Gluten has been a popular buzzword for the past few years. While some skeptics view this gluten-free movement as a fad, it is anything but for those with celiac disease or gluten sensitivity. But, even for those of us who do not have an intolerance for gluten, there are benefits to eating less of it. Just be careful when eliminating it from your diet entirely, if you don’t have to do so. We’ll explain.
What is gluten?
You know that chewy elasticity you feel when biting into a nice, warm piece of bread? Yep, you guessed it: gluten. Gluten is a protein that is typically found in grains like rye, barley, and wheat. It is also an essential ingredient in most baked goods and pizza dough. As you can imagine, the proliferation of this ingredient makes it difficult to avoid as it can appear in the most unexpected of places. Some are more obvious, like pastas and most breakfast foods. It can also be found in soy sauce, processed and pre-seasoned meats, meat substitutes, cheesecake filling, and salad dressings. Oh, the humanity! (Get the full list at celiac.org.)
Celiac disease and gluten intolerance
Allergy or not, gluten is the one food protein that is completely indigestible by the human body. The lining of the small intestine helps the body absorb nutrients from food and in healthy people this process goes off without a hitch. For people with a gluten disease or allergy, these indestructible gluten molecules irritate the lining of the small intestine and even activate the immune system to attack the feelers that line the small intestine, called villi. Over time, continued gluten intake can cause some serious, painful damage to the small intestine. According to the Celiac Disease Foundation, eating gluten causes those with celiac disease to become malnourished over time due to the body’s inability to absorb nutrients properly. For those with gluten intolerance and sensitivity, the effects occur in varying degrees, but eating gluten is still not a pleasurable experience like it is for the rest of us.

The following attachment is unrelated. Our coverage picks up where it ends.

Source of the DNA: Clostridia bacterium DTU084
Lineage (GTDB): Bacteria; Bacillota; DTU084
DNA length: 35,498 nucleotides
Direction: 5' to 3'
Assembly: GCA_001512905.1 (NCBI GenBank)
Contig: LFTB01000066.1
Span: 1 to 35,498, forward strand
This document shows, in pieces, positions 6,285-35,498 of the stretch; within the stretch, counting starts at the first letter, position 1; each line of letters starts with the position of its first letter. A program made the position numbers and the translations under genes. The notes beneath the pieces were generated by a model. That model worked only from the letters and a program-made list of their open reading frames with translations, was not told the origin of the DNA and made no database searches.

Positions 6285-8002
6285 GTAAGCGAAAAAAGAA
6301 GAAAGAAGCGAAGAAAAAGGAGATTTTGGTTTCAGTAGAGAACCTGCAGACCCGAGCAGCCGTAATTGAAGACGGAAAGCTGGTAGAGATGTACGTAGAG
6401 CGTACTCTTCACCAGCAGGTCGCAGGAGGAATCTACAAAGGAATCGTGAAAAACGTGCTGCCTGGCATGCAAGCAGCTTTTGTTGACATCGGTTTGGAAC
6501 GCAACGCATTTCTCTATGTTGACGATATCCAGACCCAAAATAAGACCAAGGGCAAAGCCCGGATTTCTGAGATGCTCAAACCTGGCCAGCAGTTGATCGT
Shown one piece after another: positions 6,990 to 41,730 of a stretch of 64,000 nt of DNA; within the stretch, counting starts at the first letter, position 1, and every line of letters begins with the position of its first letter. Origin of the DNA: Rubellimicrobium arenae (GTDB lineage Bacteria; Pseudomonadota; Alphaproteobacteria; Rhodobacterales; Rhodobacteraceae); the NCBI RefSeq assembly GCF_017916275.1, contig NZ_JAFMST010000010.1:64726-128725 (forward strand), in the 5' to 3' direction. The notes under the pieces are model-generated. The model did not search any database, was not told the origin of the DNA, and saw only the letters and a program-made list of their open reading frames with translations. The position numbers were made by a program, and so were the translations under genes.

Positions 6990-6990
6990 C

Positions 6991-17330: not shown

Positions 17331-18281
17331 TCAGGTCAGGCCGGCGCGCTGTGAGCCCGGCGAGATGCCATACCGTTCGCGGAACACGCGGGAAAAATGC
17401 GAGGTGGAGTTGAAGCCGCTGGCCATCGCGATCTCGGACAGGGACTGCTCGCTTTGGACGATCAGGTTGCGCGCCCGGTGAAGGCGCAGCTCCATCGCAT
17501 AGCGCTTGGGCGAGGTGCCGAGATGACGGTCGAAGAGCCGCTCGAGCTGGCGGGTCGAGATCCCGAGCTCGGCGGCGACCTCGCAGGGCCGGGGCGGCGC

Benefits to being gluten-free (even when you don’t have to be)
Gluten can be found in a lot of processed foods, which are notorious for their lack of nutritional value. With added calories, carbohydrates, and preservatives, processed foods promote fat storage, spikes in glucose and cholesterol, and lower energy levels. By reducing the amount of gluten in your diet, you can replace those foods that are laden with empty calories and opt for healthier choices. It should be noted here that replacing gluten-filled foods with products labeled as gluten-free isn’t necessarily healthier for you either. Many gluten-free food items are higher in calories, fat, and carbohydrates, which lead to weight gain. The most ideal option for your body is to reduce gluten while adding wholesome, unprocessed foods to your diet. Methods like clean eating, which we discuss in our blog The Benefits of Eating Clean, pack your diet with a maximum number of vitamins and minerals, not to mention fuel for your body! So, skip that breakfast muffin and lunch time slice of pizza. You didn’t need it anyway. Check out our Eat This posts for easy, wholesome suggestions to add to your diet.